cover image Afterlife


Julia Alvarez. Algonquin, $25.95 (272p) ISBN 978-1-64375-025-5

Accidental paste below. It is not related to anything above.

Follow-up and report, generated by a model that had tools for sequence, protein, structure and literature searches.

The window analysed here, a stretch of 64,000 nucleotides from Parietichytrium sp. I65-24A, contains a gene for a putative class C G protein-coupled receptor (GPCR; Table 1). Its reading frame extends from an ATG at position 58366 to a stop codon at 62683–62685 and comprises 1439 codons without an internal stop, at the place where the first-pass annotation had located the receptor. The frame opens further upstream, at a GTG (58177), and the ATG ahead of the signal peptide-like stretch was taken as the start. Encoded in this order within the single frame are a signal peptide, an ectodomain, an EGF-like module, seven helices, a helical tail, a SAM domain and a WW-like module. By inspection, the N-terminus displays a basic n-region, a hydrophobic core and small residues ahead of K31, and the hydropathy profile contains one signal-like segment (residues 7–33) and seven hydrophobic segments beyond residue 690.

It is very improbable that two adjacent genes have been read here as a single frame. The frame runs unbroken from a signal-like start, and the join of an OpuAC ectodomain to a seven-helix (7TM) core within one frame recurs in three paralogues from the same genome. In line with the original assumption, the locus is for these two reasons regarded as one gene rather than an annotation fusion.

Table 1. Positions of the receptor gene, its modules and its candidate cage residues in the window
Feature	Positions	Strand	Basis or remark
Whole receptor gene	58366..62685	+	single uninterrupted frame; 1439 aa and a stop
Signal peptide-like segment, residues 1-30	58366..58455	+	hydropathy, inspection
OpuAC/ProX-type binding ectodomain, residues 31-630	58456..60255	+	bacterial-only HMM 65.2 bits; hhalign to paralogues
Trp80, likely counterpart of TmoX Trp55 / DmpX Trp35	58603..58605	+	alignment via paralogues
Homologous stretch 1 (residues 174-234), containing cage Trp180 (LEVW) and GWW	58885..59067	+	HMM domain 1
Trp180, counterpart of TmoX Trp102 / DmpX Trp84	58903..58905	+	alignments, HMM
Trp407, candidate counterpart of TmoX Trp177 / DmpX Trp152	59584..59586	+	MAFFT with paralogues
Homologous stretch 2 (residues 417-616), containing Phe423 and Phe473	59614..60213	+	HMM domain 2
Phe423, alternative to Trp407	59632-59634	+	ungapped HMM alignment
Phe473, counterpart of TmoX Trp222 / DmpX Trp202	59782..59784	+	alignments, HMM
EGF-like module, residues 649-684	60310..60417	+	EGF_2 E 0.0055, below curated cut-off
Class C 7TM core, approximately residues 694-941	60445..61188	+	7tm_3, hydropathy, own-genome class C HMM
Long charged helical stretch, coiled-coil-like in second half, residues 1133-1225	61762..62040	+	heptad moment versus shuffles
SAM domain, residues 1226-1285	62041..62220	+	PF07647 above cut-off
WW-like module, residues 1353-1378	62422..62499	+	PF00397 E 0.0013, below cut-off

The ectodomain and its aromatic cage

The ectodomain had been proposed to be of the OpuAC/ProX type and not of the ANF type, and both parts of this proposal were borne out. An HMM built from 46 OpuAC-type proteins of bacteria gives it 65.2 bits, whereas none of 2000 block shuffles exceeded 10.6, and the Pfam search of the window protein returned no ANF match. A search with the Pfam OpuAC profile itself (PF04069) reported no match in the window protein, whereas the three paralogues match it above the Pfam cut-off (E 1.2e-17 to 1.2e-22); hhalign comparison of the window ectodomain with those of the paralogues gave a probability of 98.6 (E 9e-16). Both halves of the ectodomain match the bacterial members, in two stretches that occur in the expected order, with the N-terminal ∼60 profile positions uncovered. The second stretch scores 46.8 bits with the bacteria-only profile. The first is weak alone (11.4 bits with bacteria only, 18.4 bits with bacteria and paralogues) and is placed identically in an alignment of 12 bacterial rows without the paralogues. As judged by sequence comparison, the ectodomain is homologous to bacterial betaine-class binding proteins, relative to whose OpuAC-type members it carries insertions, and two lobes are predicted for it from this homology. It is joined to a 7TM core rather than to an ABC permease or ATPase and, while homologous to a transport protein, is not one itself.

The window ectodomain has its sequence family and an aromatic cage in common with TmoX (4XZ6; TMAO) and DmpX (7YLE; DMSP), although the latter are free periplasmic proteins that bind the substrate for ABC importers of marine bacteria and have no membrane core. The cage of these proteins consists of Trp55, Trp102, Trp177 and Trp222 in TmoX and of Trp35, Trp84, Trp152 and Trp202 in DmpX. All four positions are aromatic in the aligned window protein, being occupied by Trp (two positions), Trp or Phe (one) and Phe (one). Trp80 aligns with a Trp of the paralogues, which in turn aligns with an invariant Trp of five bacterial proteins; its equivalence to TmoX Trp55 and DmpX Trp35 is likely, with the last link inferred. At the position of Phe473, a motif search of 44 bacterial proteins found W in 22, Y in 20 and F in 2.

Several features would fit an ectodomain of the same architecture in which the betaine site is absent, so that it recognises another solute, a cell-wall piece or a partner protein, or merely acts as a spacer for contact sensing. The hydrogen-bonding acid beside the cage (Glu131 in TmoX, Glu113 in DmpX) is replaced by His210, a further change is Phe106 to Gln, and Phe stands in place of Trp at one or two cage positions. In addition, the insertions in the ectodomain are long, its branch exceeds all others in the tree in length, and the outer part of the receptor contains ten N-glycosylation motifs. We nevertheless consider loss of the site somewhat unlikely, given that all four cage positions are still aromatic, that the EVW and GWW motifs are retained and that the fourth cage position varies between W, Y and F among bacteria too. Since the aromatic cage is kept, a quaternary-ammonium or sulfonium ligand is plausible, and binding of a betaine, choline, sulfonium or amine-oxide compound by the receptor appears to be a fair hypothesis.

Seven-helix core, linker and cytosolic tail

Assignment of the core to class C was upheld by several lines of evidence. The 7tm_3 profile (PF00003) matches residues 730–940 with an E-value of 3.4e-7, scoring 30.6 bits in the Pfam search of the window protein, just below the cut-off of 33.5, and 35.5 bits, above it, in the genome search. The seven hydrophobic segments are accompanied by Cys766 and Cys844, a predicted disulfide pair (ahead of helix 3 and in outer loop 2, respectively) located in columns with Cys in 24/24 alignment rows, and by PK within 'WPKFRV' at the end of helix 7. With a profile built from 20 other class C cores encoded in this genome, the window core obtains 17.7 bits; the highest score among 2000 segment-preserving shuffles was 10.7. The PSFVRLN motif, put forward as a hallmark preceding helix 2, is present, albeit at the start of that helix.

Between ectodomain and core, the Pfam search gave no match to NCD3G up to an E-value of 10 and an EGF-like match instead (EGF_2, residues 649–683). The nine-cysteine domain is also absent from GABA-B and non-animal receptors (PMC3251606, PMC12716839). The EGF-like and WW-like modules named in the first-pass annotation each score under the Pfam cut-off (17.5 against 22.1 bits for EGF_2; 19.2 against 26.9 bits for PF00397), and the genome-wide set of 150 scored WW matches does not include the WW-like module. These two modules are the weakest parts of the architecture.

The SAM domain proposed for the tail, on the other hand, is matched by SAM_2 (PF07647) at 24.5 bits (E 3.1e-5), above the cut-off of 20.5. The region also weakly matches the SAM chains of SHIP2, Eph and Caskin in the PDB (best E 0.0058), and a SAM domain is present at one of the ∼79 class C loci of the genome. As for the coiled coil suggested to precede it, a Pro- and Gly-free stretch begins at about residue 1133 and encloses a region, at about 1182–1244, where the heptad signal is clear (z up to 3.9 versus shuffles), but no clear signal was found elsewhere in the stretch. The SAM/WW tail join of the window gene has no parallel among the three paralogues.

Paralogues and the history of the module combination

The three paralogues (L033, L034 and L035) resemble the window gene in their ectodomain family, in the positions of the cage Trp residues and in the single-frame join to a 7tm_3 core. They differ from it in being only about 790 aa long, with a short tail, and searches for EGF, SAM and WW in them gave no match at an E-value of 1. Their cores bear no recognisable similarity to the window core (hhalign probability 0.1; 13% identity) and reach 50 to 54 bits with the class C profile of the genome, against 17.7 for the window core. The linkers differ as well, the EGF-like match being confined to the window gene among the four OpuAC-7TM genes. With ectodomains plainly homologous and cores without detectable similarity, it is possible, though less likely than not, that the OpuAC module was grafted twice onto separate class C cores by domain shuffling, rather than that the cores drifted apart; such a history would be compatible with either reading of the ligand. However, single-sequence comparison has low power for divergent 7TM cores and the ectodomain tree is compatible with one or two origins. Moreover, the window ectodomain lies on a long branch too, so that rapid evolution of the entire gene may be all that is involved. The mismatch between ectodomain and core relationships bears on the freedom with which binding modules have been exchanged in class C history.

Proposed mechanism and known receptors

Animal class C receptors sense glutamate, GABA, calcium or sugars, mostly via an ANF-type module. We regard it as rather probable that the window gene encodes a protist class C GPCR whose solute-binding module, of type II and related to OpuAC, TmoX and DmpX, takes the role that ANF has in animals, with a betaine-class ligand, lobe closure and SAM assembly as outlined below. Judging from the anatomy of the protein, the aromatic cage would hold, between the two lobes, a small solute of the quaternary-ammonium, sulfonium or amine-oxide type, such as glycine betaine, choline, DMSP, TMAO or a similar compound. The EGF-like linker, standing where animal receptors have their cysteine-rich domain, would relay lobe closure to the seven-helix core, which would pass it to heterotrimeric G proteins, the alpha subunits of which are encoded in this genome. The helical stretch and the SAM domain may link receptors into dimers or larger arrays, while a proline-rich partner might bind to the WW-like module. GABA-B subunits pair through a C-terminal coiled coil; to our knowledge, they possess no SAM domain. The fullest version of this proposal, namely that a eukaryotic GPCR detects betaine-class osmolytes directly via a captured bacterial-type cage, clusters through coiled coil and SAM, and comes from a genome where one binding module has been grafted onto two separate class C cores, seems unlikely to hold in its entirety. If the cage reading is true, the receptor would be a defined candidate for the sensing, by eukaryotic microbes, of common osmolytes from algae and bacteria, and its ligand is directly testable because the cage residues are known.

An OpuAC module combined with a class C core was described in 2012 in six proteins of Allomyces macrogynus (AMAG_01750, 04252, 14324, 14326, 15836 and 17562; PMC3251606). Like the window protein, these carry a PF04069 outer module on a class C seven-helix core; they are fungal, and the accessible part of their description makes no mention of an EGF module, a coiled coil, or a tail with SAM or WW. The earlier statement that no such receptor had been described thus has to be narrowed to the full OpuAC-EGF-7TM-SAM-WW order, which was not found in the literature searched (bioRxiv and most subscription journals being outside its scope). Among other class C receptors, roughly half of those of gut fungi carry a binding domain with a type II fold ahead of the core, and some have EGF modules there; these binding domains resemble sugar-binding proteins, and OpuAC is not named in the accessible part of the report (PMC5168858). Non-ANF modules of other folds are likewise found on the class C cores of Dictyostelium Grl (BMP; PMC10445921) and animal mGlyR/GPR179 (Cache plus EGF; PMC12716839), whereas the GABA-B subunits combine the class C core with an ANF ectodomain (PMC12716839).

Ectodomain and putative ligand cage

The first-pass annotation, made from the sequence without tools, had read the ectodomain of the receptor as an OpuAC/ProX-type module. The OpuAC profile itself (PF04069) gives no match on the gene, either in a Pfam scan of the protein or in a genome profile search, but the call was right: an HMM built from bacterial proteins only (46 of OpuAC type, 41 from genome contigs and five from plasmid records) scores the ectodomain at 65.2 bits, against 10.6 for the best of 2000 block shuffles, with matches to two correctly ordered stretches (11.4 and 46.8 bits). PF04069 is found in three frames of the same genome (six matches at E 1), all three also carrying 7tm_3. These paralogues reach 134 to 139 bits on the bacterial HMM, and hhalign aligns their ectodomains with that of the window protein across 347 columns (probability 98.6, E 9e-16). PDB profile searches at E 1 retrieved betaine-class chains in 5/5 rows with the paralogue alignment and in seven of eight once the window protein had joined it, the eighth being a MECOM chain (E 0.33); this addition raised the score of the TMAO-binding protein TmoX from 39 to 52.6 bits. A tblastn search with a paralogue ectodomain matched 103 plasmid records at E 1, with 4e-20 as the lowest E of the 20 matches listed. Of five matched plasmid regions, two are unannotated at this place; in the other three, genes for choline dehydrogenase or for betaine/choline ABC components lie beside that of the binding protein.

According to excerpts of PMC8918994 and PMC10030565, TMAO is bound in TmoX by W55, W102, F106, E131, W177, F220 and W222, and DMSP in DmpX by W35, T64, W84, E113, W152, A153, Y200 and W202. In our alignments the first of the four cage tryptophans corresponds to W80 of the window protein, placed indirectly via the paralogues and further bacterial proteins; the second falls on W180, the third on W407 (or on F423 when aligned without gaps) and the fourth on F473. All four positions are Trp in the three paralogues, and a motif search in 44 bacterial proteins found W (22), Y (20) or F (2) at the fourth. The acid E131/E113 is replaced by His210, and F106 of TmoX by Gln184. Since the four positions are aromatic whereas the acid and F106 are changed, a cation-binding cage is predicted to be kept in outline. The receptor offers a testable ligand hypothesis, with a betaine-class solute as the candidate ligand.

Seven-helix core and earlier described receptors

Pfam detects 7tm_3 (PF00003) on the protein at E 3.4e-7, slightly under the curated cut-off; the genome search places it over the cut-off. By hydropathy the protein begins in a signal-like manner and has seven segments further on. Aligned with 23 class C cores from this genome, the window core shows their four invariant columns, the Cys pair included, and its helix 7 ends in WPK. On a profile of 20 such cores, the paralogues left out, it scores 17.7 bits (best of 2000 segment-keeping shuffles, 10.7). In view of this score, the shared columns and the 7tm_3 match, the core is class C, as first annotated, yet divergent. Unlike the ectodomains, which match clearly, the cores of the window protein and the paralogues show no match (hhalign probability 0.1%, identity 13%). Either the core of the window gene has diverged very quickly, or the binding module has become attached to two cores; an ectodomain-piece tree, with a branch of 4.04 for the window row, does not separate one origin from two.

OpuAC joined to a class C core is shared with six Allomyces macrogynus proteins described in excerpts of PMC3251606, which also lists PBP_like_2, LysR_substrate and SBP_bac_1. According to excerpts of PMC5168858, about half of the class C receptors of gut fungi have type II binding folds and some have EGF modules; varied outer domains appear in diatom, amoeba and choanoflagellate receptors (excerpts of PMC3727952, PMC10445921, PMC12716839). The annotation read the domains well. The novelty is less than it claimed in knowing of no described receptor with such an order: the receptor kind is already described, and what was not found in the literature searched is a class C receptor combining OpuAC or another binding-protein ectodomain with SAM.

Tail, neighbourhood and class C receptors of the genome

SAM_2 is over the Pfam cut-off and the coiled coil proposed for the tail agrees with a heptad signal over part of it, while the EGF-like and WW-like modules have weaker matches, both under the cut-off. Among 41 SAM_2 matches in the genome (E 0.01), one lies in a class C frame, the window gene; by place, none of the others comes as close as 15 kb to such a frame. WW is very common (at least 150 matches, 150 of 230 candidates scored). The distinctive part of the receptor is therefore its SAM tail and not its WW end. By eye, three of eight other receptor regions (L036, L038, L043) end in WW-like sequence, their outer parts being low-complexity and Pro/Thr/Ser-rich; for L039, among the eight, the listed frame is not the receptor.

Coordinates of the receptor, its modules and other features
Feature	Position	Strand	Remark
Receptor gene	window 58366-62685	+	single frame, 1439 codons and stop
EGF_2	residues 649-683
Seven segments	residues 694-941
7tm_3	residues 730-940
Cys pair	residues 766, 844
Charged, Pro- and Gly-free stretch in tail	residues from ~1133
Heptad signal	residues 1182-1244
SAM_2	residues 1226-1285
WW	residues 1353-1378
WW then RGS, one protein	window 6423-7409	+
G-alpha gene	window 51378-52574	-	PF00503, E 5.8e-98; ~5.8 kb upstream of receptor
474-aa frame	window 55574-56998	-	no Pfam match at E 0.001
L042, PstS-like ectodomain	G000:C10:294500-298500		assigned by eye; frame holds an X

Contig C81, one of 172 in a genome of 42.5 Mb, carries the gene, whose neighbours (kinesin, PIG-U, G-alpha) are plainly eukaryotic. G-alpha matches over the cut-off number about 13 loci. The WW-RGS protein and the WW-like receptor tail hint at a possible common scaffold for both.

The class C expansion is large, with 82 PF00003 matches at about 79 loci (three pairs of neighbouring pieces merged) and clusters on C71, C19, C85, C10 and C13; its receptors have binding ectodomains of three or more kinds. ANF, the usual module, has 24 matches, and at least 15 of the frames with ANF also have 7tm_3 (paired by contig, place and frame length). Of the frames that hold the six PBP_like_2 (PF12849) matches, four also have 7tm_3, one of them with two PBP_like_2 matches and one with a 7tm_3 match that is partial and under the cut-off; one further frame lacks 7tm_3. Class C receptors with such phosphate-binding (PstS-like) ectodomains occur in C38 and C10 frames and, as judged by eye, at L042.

Alvarez’s poignant return to adult fiction (after the young adult Tia Lola series) raises powerful questions about the care people owe themselves and others. Antonia Vega is reeling from the sudden death of her husband, Sam, who suffered an aneurysm on the day they’d planned to celebrate her retirement. As an immigrant from the Dominican Republic, Antonia is determined to embrace American values of self-preservation and independence, and she keeps a running dialogue in her head with Sam about the U.S. and D.R.’s conflicting values (“We live in America, she reminds the disapproving Sam in her head, where you put your oxygen mask on first”). This outlook is challenged after she finds an undocumented and pregnant teenage girl from Mexico hiding in her garage, and when Antonia’s charismatic but unstable older sister Izzy disappears. As Antonia weighs the needs of others and her own, memories of Sam’s magnanimity and generosity of spirit guide her, along with sentiments from authors such as Tolstoy (“What is the right thing to do?”) and Rilke (“You must change your life”). Alvarez blends light humor with deep empathy toward her characters, offering a convincing portrait of an older woman’s self discovery. This will satisfy her fans and earn new ones. (Apr.)